The method of converting the logical address into the physical address has been described in FIG. 9, and a detailed description will be omitted. The physical defect index table and the physical defect bit map are searched to obtain the physical address corresponding to the logical address. The data at the corresponding physical address of the optical card is read (step S4), and it is checked if the data is normally read (step S5). If the data is not normally read, an error processing operation is performed. If the data is normally read, the data is transmitted to the host computer 32 to end the process (step S6).

In the above embodiments, a recording medium having defect information in a directory region is used. However, the present invention is not limited to such a medium and can be applied to, for example, a recording medium having a data region a directory region, and a defect information management region in different regions.

As has been described above, according to the present invention, defect information on the information recording medium is spread on a defect bit map and a defect index table in correspondence with each physical address. Therefore, the memory capacity required to record defect information can be greatly reduced as compared to the prior art to provide a compact and inexpensive apparatus.

Further, according to the present invention, a logical defect bit map is prepared, in addition to the physical defect bit map and the physical defect index table, to record defect information at the logical address in a logical region managed by an inaccessible directory. For this reason, even if an inaccessible directory exists, defect information about the subsequent directories can be spread on the physical defect bit map and the physical defect index table. Therefore, even if a directory cannot be read due to some cause, as far as the subsequent directories can be read, the logical address can be converted into the physical address for the data managed by the accessible directory, and the data can be reproduced.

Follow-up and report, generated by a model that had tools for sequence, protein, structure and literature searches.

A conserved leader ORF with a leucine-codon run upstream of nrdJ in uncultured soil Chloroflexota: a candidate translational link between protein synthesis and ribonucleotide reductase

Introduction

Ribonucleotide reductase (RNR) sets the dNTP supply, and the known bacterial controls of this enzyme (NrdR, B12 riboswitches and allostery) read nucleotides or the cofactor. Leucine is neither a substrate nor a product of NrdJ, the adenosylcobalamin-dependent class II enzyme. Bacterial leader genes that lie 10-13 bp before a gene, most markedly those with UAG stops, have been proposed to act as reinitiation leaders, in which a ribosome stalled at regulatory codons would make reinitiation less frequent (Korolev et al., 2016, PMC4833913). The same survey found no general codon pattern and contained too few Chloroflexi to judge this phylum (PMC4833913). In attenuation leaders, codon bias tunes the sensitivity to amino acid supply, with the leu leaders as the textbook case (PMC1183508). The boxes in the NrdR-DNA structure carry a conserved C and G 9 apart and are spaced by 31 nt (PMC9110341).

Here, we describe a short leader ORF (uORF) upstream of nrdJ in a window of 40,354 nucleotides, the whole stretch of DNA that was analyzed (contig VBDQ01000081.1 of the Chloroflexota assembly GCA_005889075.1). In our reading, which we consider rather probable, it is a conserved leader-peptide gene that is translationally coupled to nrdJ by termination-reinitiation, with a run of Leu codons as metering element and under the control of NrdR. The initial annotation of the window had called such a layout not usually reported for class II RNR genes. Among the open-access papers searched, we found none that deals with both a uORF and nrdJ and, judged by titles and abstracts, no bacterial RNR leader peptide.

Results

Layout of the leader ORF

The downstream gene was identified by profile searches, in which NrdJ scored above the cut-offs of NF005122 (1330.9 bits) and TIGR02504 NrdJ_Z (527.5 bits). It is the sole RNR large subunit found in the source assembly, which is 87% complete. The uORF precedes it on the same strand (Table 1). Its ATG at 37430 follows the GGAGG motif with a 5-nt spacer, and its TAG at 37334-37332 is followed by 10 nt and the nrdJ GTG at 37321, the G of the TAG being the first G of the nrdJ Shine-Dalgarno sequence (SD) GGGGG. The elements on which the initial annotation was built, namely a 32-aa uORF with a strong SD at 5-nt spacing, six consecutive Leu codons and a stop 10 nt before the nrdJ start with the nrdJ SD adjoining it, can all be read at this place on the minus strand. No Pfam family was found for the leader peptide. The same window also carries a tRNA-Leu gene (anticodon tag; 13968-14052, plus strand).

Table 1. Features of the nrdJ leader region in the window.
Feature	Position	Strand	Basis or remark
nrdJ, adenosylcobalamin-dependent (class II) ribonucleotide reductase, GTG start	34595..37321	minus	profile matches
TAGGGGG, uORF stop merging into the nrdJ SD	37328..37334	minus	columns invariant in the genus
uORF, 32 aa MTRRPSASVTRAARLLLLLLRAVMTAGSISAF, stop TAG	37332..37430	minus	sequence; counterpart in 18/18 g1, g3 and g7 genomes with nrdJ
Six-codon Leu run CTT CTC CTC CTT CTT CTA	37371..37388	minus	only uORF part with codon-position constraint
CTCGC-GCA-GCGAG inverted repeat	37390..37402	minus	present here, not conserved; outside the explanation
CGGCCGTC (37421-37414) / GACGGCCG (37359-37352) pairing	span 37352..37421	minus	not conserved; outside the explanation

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Classifications
U.S. Classification369/53.16, 369/30.04, G9B/7.006, 369/47.14, G9B/20.057, G9B/27.048
International ClassificationG11C29/00, G11B27/32, G11B20/12, G11B7/0037, G11B20/18
Cooperative ClassificationG11C29/70, G11B7/00375, G11B20/1215, G11B27/327, G11B20/1883
European ClassificationG11C29/70, G11B27/32D, G11B7/0037D, G11B20/18S
Legal Events
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Aug 10, 2004FPExpired due to failure to pay maintenance fee
Effective date: 20040611
Jun 14, 2004LAPSLapse for failure to pay maintenance fees
Dec 31, 2003REMIMaintenance fee reminder mailed
Nov 30, 1999FPAYFee payment
Year of fee payment: 4
Feb 25, 1997CCCertificate of correction
Apr 25, 1994ASAssignment
Owner name: CANON KABUSHIKI KAISHA, JAPAN
Free format text: ASSIGNMENT OF ASSIGNORS INTEREST;ASSIGNOR:TAMEGAI, MASAHIRO;REEL/FRAME:006953/0689
Effective date: 19940415